Climate Week NYC (Sept. 23 to 29) coincides with the United Nations Climate Action Summit. September 25 marks the release of the IPCC Special Report on the Ocean and Cryosphere in a Changing Climate, authored by 100+ scientists from more than 30 countries. Here are some other resources that can help you navigate Climate Week:
Subscribe to Climate Matters
Climate Matters is our climate reporting resource program that helps meteorologists and journalists report on climate impacts and solutions in ways that are local, immediate, and personal — grounded in the latest science, with easy-to-understand text and ready-to-use visual materials.
Stories We Love: Local Climate Change Reporting
Over the past few years, our network of meteorologists, reporters, producers, editors, and writers have generated an expansive collection of local climate reporting. We invited our Climate Matters members to send us their best advice on climate reporting and examples of how they connected the global climate problem for their local audience. Their engaging, thoughtful storytelling brings to mind any number of descriptions: Innovative. Moving. Consequential. Meaningful. Committed. Engaging. We’re delighted to share some of their stories and their words.
Regional Agriculture Reporter, Lubbock Avalanche-JournalRead: “I think farmers are more concerned about the climate than they let on because it plays such a huge role…”
Janice HuffChief Meteorologist,
WNBC New York City
Kat SnowSenior Editor, KQED Science
Rachel HagerScience Reporter and AAAS Fellow, Idaho Statesman
Reporter/Producer, WJCT NewsListen: “If mangrove(s)...continue to expand..the trees could reduce emissions in Florida alone by as much as 25% over the next few decades.”
Meteorologist & Reporter, KGBT Watch: Special Report: Climate of change in the Rio Grande Valley
Meteorologist, KOLR10Watch: Losing Land, Beans, & Sleep: Climate Change Impacts on Coffee
Independent JournalistRead: “The Fate of Gulf Fisheries in a Warming World”
Monica WoodsChief Meteorologist, ABC10 Watch: Sacramento would be underwater if Greenland's entire ice sheet melted
Krystal KleiMeteorologist, NBC-10
Jorge TorresChief Meteorologist,
KOB-TV News 4
Amber SullinsChief Meteorologist, KNXV-TV
Jim SpencerChief Weathercaster,
WZVN-TV ABC7Advice: "Even in Southwest Florida, you can talk about and teach viewers about the reality of climate change. All you have to do here is bring it back to money. Blue-green algae plagued our waters in 2018 and tourists were turned off, which hurt our local economy. As a meteorologist, and with the help of Climate Central, I’m just factually explaining why it’s happening.
Mike AugustyniakDirector of Meteorology / Anchor,
Advice: “Climate coverage can truly stand out when the audience connects to the topic on an emotional level. The truth is that climate change is affecting almost everything, from the cost of insurance, to the spread of diseases, to outdoor recreation, and the cost of food.”
Greta MoranFreelance Journalist
Advice: “I think it's really important for journalists, even at national publications, to look out for local, place-based climate stories. Every large, climate-related issue has a local iteration and often local activists working hard to find solutions. There are so many communities working towards transitions from fossil fuels, and their efforts are really important and undercovered. Plus, these stories are often really inspiring and make a vast, global problem more digestible.”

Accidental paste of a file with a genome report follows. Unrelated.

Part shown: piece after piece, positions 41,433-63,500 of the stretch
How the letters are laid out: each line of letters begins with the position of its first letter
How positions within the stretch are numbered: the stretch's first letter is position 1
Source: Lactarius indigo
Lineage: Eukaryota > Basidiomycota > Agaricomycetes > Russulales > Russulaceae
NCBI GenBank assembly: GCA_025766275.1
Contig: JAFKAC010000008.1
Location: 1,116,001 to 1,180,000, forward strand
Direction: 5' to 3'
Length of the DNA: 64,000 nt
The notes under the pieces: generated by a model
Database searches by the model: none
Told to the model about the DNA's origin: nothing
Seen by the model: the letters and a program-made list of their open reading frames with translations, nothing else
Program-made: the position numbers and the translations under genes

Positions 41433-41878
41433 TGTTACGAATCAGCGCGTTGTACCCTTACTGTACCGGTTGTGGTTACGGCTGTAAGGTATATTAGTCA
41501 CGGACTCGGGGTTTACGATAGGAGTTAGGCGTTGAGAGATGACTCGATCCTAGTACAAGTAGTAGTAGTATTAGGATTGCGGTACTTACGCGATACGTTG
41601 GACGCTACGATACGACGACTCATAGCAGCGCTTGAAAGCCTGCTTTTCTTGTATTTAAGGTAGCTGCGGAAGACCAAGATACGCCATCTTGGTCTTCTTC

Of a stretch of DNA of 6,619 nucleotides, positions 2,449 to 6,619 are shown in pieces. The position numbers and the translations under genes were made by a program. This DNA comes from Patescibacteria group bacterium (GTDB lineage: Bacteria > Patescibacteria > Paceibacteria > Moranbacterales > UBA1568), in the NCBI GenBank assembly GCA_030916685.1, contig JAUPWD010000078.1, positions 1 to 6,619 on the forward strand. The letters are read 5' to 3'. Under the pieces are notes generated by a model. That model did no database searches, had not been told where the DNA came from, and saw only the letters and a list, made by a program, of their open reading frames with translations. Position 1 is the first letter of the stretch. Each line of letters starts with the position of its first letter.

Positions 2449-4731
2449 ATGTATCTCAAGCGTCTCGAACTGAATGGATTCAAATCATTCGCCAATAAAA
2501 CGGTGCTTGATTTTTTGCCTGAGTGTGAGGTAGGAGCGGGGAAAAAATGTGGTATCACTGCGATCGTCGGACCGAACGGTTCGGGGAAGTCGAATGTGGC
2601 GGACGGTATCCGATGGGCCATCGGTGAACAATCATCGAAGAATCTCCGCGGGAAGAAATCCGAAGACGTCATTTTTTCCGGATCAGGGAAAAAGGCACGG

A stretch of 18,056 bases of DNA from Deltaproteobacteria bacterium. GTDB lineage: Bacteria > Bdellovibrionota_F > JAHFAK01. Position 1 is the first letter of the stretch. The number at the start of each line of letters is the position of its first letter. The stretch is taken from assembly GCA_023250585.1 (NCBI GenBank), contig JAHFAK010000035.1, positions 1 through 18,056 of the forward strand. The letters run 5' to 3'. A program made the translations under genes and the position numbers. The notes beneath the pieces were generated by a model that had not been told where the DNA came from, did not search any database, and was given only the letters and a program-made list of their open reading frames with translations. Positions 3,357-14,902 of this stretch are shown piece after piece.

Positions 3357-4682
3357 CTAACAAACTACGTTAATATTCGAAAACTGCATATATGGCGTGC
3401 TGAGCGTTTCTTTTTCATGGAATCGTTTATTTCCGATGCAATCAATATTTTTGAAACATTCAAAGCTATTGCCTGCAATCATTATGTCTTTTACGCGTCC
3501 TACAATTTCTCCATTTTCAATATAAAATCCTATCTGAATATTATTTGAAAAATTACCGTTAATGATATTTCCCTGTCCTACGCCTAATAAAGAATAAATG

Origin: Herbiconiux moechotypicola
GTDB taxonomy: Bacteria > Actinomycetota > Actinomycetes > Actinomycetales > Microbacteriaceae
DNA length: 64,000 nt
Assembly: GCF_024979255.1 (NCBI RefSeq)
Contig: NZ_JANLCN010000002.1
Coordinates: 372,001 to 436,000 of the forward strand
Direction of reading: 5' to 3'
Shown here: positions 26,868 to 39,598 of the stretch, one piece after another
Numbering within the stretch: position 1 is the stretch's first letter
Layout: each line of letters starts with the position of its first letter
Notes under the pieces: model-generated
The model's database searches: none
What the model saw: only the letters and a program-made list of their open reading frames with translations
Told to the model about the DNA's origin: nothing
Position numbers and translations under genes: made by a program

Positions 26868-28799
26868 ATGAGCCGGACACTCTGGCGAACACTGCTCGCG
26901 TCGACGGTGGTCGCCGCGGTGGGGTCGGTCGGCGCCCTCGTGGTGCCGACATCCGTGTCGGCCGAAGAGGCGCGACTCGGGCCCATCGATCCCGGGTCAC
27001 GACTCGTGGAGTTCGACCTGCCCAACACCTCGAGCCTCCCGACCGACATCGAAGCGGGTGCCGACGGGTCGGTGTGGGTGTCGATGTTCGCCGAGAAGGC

Tess TownsendFreelance Journalist
Suzanne MarmionDirector of News & Editorial Strategy, KPBS
Heather WaldmanMeteorologist, WGRZ
Ariel RodríguezMeteorologist & Environmental Reporter, WSCV Telemundo 51
Advice: “Send a clear and direct message. Do not leave room for disinformation to gain hold. Talk about what is known; climate science is not about showing sides, since facts speak for themselves. Use the facts and avoid the politics. Let your interviewees touch on the difficult subjects and be the advocates.”
Eddie BurkhalterStaff Writer, Fellow at Poynter-Koch Media
More Resources for Climate Reporting
To cover climate, you need to be clear about the science--here are some online resources to help you communicate the facts
Interview Local Experts
National organizations can help you find experts near you. Think about talking to state climatologists, university meteorology or atmospheric science departments, flood management specialists, or medical practitioners aware of climate change impacts.
Read the Research
The National Climate Assessment summarizes the impacts of climate change on the United States, now and in the future. A team of more than 300 experts guided by a 60-member Federal Advisory Committee produced the report. The Intergovernmental Panel on Climate Change (IPCC) is the United Nations body for assessing the science related to climate change.
2019 Climate Week: Events to Report On
21 September 2019
In the lead-up to the Climate Action Summit, young leaders will gather at the United Nations headquarters in New York to discuss solutions.
23rd September 2019
World leaders will meet in New York at the Climate Action Summit, hosted by UN Secretary-General António Guterres.
20 September 2019
Adults and youths alike plan to voice their deep concerns about climate change.
23-27 September 2019
Advocates for clean energy across the U.S. will come together to promote sustainable energy sources.